Energy Transformation: How Does It Do That?

Energy Transformation: How Does It Do That?

What is energy transformation and how does energy change from one form to another? What are some examples of energy transformation in our daily life?


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Juggler in Punta Arenas Chile

Juggling is a display of cyclical energy transfer. When a juggler throws an object it gains potential energy. As the object falls, its potential energy transforms into kinetic energy.

Photograph by B. O'Kane
Juggling is a display of cyclical energy transfer. When a juggler throws an object it gains potential energy. As the object falls, its potential energy transforms into kinetic energy.

The law of conservation of energy states energy cannot be created or destroyed. It can only change from one form of energy to another.

Energy transformation happens when energy is converted into another form. There are many examples of energy transformations in our daily life. A toaster uses the electrical energy running through its wires to create thermal energy—heat—to toast a bagel. When a light switch is turned on, electrical energy heats up the filament inside a light bulb and transforms the energy into light and heat energy that is seen and felt in a glowing light bulb. Food contains stored chemical energy that our bodies must first breakdown to use in order to produce kinetic energy to move.

There is also chemical energy in gasoline. An automobile’s engine creates tiny explosions to release the energy from gasoline, which transforms into kinetic energy used to spin the car’s wheels. Another example of an energy transformation you come into contact with everyday is in a smartphone. Electrical energy flows through the phone and some of it is stored in the phone’s battery. Ultimately, the electrical energy is used to make telephone calls, watch videos, and play games.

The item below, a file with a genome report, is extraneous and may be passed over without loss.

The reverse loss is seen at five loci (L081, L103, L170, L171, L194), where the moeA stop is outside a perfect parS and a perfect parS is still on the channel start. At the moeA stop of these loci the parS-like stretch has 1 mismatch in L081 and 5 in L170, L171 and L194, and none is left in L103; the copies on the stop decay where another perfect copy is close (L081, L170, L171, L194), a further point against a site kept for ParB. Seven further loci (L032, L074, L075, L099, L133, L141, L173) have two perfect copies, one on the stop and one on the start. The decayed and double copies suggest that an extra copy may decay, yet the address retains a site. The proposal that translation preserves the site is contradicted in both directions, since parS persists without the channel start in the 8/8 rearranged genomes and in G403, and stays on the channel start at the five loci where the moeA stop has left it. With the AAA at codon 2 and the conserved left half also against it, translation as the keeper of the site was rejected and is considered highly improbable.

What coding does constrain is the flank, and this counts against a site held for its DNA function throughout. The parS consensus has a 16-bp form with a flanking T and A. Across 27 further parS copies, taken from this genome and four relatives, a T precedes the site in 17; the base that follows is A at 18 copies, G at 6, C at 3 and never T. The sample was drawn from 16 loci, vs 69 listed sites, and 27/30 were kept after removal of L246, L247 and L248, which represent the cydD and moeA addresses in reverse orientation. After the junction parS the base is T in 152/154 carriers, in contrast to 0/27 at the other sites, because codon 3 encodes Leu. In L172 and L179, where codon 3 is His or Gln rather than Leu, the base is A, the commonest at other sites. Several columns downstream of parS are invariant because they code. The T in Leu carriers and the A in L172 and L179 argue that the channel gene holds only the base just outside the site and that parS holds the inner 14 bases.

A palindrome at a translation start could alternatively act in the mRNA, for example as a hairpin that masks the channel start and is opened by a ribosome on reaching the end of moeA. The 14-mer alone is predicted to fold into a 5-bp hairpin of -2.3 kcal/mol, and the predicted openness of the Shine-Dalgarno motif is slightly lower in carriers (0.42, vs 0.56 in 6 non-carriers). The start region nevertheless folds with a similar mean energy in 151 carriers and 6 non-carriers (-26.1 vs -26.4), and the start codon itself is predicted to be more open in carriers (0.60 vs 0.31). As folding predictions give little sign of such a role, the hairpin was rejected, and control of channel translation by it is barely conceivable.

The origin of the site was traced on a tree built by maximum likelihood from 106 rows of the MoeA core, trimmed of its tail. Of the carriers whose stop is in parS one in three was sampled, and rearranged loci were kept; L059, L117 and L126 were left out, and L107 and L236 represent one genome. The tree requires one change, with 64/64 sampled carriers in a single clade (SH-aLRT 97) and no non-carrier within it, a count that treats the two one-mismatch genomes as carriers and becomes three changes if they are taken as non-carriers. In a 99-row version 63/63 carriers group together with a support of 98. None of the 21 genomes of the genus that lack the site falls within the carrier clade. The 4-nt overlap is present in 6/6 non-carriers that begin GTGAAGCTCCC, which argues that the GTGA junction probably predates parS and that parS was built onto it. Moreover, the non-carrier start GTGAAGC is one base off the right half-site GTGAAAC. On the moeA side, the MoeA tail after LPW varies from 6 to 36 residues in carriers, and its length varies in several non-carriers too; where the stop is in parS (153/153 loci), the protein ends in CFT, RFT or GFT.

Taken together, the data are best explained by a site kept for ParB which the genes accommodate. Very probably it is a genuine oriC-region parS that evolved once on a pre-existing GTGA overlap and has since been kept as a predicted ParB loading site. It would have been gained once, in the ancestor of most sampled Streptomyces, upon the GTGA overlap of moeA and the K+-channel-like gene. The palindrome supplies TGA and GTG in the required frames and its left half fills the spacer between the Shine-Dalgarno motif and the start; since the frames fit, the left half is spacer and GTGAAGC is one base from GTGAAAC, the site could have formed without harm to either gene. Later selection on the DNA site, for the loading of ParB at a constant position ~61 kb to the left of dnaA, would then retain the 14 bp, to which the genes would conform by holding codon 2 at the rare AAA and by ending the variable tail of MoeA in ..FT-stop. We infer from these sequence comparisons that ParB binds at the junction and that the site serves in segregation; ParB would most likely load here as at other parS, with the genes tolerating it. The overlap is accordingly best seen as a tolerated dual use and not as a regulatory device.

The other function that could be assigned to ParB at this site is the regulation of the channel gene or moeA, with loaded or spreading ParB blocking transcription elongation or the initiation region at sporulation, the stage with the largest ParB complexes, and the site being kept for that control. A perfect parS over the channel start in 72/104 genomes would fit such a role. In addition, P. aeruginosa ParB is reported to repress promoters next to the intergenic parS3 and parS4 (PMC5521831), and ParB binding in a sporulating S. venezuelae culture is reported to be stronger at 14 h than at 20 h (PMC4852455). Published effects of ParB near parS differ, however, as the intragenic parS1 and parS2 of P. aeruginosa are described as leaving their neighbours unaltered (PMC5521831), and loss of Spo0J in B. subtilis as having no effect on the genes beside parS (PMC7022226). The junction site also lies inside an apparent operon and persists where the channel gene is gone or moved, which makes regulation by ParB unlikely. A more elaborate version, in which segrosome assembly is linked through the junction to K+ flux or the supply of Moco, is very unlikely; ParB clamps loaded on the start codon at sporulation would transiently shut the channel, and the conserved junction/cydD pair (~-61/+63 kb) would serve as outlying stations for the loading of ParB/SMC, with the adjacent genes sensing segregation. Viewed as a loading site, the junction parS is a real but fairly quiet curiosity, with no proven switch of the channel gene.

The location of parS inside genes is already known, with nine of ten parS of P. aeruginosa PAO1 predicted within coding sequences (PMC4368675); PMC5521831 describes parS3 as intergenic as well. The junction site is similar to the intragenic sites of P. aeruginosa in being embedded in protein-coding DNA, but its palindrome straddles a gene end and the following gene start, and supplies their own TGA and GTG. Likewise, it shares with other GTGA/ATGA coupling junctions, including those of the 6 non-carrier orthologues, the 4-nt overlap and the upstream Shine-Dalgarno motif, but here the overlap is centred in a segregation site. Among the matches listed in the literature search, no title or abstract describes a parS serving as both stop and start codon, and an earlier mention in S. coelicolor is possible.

Most of the time, it is impossible to watch an energy transformation as it is happening but there are a few examples, such as during a juggler’s performance, where it is possible to see the changes in real time. When a juggler throws a ball into the air, the ball gains potential energy. As the ball falls back down, its potential energy is transformed into kinetic energy. But a juggler is often tossing three or more balls at a time into the air. So, each of the balls cycles through the energy transformation from potential energy to kinetic energy and back again for as long as the juggler keeps the act going.

Media Credits

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Tyson Brown, National Geographic Society
National Geographic Society
Production Managers
Gina Borgia, National Geographic Society
Jeanna Sullivan, National Geographic Society
Program Specialists
Sarah Appleton, National Geographic Society, National Geographic Society
Margot Willis, National Geographic Society
Clint Parks
Roza Kavak
Last Updated

December 21, 2023

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